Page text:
St. Louis has the Arch. Seattle has the Space Needle. New York has the Statue of Liberty.
And now Tom Overby wants to create a monument for his hometown of Kansas City, Kan.: a 650-foot-tall tornado — 45 feet taller than the Space Needle, 20 feet taller than the Arch and 345 feet taller than the Statue of Liberty — that would anchor a tourism district with a theme based on The Wizard of Oz.
The giant tornado "would be a state landmark," said Overby, whose nonprofit development company Avenue Area Inc. has been working for years to spruce up down-at-the-heels Kansas City.
As Overby envisions it, visitors could take an elevator to the top, where they could eat at a restaurant and enjoy the view. The area surrounding the tornado would include buildings made to look like they were destroyed by a twister. Inside those buildings would be gift shops. The base of the tornado would include a museum with information on the history and science of twisters.
"I think Kansas can really capitalize on using something that it's known for, and building a structure of this magnitude would certainly be a draw," Overby said.
But the twister is still far from becoming a reality.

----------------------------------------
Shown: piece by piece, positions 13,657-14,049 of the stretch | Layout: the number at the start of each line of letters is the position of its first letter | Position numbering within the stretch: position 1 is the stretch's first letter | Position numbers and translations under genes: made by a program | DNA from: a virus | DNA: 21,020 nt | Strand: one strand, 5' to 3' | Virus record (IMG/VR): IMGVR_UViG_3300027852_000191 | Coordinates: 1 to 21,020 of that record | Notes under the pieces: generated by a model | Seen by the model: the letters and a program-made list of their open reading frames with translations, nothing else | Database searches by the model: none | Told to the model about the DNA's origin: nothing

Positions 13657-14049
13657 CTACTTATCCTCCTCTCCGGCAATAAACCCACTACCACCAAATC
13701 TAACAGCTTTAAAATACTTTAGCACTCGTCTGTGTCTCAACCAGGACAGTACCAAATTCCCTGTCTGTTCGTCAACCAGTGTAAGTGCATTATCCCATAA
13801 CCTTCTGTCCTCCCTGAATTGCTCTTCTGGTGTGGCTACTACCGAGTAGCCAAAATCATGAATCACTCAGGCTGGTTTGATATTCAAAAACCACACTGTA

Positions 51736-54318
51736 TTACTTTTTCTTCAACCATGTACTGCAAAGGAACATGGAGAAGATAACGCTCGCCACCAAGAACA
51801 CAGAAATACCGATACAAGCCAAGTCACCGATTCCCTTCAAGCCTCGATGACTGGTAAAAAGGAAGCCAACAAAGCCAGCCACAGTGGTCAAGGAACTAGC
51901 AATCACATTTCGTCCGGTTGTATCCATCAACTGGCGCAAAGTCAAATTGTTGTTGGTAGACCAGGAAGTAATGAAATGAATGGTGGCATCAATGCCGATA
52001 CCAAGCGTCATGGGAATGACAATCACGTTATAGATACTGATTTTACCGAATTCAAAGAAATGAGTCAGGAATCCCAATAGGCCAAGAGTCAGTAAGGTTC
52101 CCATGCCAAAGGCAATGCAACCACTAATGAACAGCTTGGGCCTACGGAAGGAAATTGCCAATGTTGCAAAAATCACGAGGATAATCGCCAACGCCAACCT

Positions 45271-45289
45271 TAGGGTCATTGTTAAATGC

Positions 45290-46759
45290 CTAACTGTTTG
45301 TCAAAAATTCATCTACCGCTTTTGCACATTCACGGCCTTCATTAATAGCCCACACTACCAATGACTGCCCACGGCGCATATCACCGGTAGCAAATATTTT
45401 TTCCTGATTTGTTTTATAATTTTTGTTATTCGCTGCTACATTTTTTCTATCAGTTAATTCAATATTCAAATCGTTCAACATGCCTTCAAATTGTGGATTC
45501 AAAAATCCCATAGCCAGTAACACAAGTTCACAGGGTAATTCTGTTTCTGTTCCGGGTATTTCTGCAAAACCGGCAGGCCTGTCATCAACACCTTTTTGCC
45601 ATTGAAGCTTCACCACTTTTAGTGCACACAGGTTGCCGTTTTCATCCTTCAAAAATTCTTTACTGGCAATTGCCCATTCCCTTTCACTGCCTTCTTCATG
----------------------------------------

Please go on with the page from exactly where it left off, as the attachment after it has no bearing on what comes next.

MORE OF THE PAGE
Don Denney, a spokesman for the governments of Wyandotte County and Kansas City, Kan., is reserving judgment until state officials and local residents react.
"It's obviously an off-the-wall concept," Denney said. "It definitely brings chuckles if not full-out laughter when people first hear about it, but I suppose the same thing was done when they first built the Arch."
There's a risk that the project could offend people who have suffered from tornadoes.
"I don't think that would be a problem. It's not a problem with me," said Paul Dary, whose 81-year-old brother, Ralph Dary, was the only Kansas City area fatality during a spate of powerful May tornadoes that scoured the Midwest. Dary would like to see a plaque honoring tornado victims as part of the plan.
Overby is hoping government officials will endorse the project, and says he has investors lined up to fund the projected $50 million cost for the project.
Architecture experts said the impact of a giant tornado that would loom over the city's downtown wouldn't necessarily be a bad idea.
Richard Sommer, architect, associate professor and director of urban design at the Harvard Design School, said that as part of a network of attractions and art and entertainment venues "this could be a boon to downtown," but added that people probably won't want to live or work near the structure.